In Cold Blood

1381 Words6 Pages

In 1959, the Kansas town of Holcomb was left horrified after the murders of the Clutter family. The shocking murder caught both the attention and hearts of those who learnt of it. In 1966, Truman Capote brilliantly captured the acts of the murders in his book “In Cold Blood”. Shortly after in 1967, Richard Brooks released the adaptation to Truman’s book, “In Cold Blood” which uniquely captures the essence of the murdered and the murderers. Capote and Brooks depicted the killers, Perry Smith and Dick Hickock in two comparably different lights While observing both works of “In Cold Blood” various differences and similarities stand out including: the portrayal of Bonnie Clutter’s illness, how the murderers are, and amount of time dedicated to …show more content…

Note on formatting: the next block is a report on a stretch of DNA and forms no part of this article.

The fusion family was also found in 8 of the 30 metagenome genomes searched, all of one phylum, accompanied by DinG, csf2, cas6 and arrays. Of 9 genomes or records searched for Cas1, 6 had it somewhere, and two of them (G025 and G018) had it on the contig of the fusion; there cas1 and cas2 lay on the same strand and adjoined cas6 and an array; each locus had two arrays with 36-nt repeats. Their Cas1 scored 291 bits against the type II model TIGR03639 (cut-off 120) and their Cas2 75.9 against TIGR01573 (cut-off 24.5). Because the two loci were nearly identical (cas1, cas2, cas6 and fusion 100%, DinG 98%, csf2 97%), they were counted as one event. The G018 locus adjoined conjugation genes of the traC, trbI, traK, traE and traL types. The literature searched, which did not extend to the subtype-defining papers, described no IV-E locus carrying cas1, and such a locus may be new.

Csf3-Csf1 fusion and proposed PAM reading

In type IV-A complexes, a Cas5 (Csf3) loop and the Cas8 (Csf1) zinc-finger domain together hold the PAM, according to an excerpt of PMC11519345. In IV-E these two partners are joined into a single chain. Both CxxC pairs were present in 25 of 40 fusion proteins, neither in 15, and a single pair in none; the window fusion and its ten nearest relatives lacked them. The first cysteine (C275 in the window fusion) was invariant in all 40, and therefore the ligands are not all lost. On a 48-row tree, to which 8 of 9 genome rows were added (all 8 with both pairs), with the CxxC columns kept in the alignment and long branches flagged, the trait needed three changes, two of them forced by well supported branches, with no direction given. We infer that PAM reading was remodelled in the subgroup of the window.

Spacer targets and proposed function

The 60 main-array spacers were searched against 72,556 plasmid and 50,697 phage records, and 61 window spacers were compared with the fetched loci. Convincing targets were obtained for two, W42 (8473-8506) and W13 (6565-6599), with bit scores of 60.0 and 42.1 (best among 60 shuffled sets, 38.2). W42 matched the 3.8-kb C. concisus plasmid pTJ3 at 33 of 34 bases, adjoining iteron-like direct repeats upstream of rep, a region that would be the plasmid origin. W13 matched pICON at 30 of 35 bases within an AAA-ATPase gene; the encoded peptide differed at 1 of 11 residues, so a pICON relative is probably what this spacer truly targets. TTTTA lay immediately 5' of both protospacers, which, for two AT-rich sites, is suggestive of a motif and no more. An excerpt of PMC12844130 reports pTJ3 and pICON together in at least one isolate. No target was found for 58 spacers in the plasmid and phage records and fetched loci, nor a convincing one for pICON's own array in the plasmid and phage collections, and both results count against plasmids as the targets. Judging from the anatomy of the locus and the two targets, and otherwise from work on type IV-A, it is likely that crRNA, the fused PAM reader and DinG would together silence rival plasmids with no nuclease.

While both men undoubtedly had a hand in the Clutter murder’s certain characteristics are taken into consideration by the audience. In many instances it is difficult not to excuse Perry from his behaviors. Both the novel and the movie depict Perry as the more compassionate of the pair, while showing Dick as the short tempered know it all. While reading and watching the murders one will pick up on the fact Dick never strays from his train of thought. Perry on the other hand falters with the acts of violence and even tells Dick they should leave since there is no safe. The comparison of the killers’ appearance also comes into play while observing both the novel and the movie. Perry’s baby-face coupled with his short stature and sensitivity only adds to the audience wanting to dismiss him of his actions. Dick on the other hand is described as masculine. Other than appearance the men’s background can also be compared. Perry’s home life can be interpreted as rough from both works of “In Cold Blood”. It is easily decided within the audience which killer was dealt the lower hand in life. With Perry having to deal with both an abusive father and a mother succumbing to the temptations of alcohol, he is looked upon as the unlucky child who grew up in the wrong conditions. Realizing the killer who was handed a better childhood turned into a ruthless killer leads the audience into blaming Dick completely for his actions as he has nothing to fall back on as a scapegoat. Perry can be said to have a sense of level headedness about him, although not enough to stop the murder altogether. A large contribution of the tolerance for Perry comes from his sensitivity for those who cannot control themselves sexually. If Perry were to partake, or allow Dick to “bust” the young Clutter the tolerance for him would have decreased

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